The cost of the project spurred considerable controversy. On one hand, Martine Aubry and her First Deputy Pierre de Saintignon, in charge of the project, highlighted the Grand Stade as "a splendid ambassador of the technologies of our region, and a great tool of attractivity". On the other hand, opponents pointed to a lack of long term viability, since part of the public investments were bound to sporting events, whose results are of random nature. This could lead to some new kind of toxic loans.
Stade Pierre-Mauroy has two floors or main levels. The full stadium level or Grand Stade reaches a height of 31 m (101 feet) and has a total capacity of 50,186 seats including 4,965 business seats, 1,842 luxury-box seats, 448 protocol seats and 326 reserved for the press.
The stadium has also a peculiarity: half of the Grand Stade field is situated on hydraulics lift and massive tracks that raise and slide it above the other half of the field in three hours. This creates a second lower level floor plan and surrounding seats called Boîte à Spectacles, where basketball, tennis or music shows can take place. The Boîte à Spectacles can be configured to have a variable capacity, from 6,900 to 30,000 seats. In November 2014, it hosted the 2014 Davis Cup finals between France and Switzerland, where an attendance record was broken for the highest-ever officially sanctioned competition tennis match. In 2017 it hosted the Davis Cup final again.
In addition, Stade Pierre-Mauroy has a retractable roof which opens and shuts in 15 minutes. The stadium is also recognised as a HQE Building with solar panels and two windmills to provide as electrical supply. The stadium is fully accessible by metro stations and road and includes 7,000 parking spaces.
The Grand Stade received a five-star UEFA ranking. It is expected to significantly increase the revenue streams of Lille OSC, its tenant club.
|Date||Time (CET)||Team #1||Result||Team #2||Round||Attendance|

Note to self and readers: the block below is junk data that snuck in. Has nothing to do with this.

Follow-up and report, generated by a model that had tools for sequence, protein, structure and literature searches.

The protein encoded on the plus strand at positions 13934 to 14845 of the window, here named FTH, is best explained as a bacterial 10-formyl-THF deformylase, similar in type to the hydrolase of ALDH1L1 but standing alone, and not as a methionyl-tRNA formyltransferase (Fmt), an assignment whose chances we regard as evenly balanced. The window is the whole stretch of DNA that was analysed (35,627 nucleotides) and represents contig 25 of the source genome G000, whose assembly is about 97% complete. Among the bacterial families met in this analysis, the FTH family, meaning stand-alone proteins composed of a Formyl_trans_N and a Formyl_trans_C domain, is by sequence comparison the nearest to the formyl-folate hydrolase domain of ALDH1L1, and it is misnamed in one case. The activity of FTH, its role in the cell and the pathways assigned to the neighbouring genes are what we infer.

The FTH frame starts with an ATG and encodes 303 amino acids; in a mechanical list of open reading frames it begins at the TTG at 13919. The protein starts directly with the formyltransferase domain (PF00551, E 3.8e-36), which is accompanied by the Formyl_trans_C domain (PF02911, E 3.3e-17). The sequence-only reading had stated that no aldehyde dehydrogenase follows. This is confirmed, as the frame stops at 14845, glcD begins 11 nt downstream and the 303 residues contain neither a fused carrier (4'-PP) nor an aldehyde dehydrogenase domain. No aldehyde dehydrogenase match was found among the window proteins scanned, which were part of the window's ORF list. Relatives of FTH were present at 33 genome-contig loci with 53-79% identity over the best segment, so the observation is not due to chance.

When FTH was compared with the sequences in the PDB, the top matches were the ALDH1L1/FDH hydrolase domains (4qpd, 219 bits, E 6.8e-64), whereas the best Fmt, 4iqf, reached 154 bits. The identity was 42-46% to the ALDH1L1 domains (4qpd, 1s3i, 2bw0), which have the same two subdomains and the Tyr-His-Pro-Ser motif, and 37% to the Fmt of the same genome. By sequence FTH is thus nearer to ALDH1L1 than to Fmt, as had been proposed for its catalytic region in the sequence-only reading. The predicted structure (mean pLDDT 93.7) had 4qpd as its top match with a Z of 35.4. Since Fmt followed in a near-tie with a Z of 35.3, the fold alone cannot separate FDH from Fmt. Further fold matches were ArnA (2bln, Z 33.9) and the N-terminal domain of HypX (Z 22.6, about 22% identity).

|12 September 2015||12:00||Latvia||73–66||Slovenia||Round of 16||10,023|
|12 September 2015||14:30||Greece||75–54||Belgium||Round of 16||13,672|
|12 September 2015||18:30||Spain||80–66||Poland||Round of 16||21,302|
|12 September 2015||21:00||France||76–53||Turkey||Round of 16||26,135|
|13 September 2015||12:00||Croatia||59–80||Czech Republic||Round of 16||12,070|
|13 September 2015||14:30||Serbia||94–81||Finland||Round of 16||12,128|
|13 September 2015||18:30||Israel||52–82||Italy||Round of 16||14,742|
|13 September 2015||21:00||Lithuania||85–81||Georgia||Round of 16||16,953|
|15 September 2015||18:30||Spain||73–71||Greece||Quarter-finals||17,864|
|15 September 2015||21:00||France||84–70||Latvia||Quarter-finals||22,076|
|16 September 2015||18:30||Serbia||89–75||Croatia||Quarter-finals||8,726|
|16 September 2015||21:00||Italy||85–95 (OT)||Lithuania||Quarter-finals||13,173|
|17 September 2015||16:00||Greece||97– 90||Latvia||Olympic qualifying playoff games|
|17 September 2015||18:30||Czech Republic||70–85||Italy||Olympic qualifying playoff games||15,004|
|17 September 2015||21:00||Spain||80–75 (OT)||France||Semi-final||26,922|
|18 September 2015||18:30||Latvia||70–97||Czech Republic||Olympic qualifying playoff games||11,362|
|18 September 2015||21:00||Serbia||64–67||Lithuania||Semi-final||20,042|
|20 September 2015||14:00||France||81–68||Serbia||Third place game||24,092|
|20 September 2015||19:00||Spain||80–63||Lithuania||Final||27,372|
The stadium is one of the venues of the UEFA Euro 2016, and will hold the following matches:
|Date||Time (CET)||Team #1||Result||Team #2||Round||Attendance|
|12 June 2016||21:00||Germany||2–0||Ukraine||Group C||43,035|
|15 June 2016||15:00||Russia||1–2||Slovakia||Group B||38,989|
|19 June 2016||21:00||Switzerland||0–0||France||Group A||45,616|
|22 June 2016||21:00||Italy||0–1||Republic of Ireland||Group E||44,268|
|26 June 2016||18:00||Germany||3–0||Slovakia||Round of 16||44,312|
|1 July 2016||21:00||Wales||3–1||Belgium||Quarter-final||45,936|
|Concerts at Stade Pierre-Mauroy|
|20 July 2013||Rihanna||Diamonds World Tour||27,294|
|23 July 2016||Anti World Tour|
|31 March 2017||Bruno Mars||24K Magic World Tour||28,262|
|29 May 2017||Depeche Mode||Global Spirit Tour||26,113|
|24 June 2017||Justin Bieber||Purpose World Tour|
|1 July 2017||Celine Dion||Celine Dion Live 2017||51,355|
|2 July 2017|
|Wikimedia Commons has media related to Grand stade Lille Métropole.|
|Events and tenants|
Kombank Arena, Belgrade
Arena Zagreb, Zagreb
Flanders Expo, Ghent
Sinan Erdem Dome
Arena da Baixada
(as FIVB Volleyball World League Final Venue)
|FIVB Volleyball Men's Nations League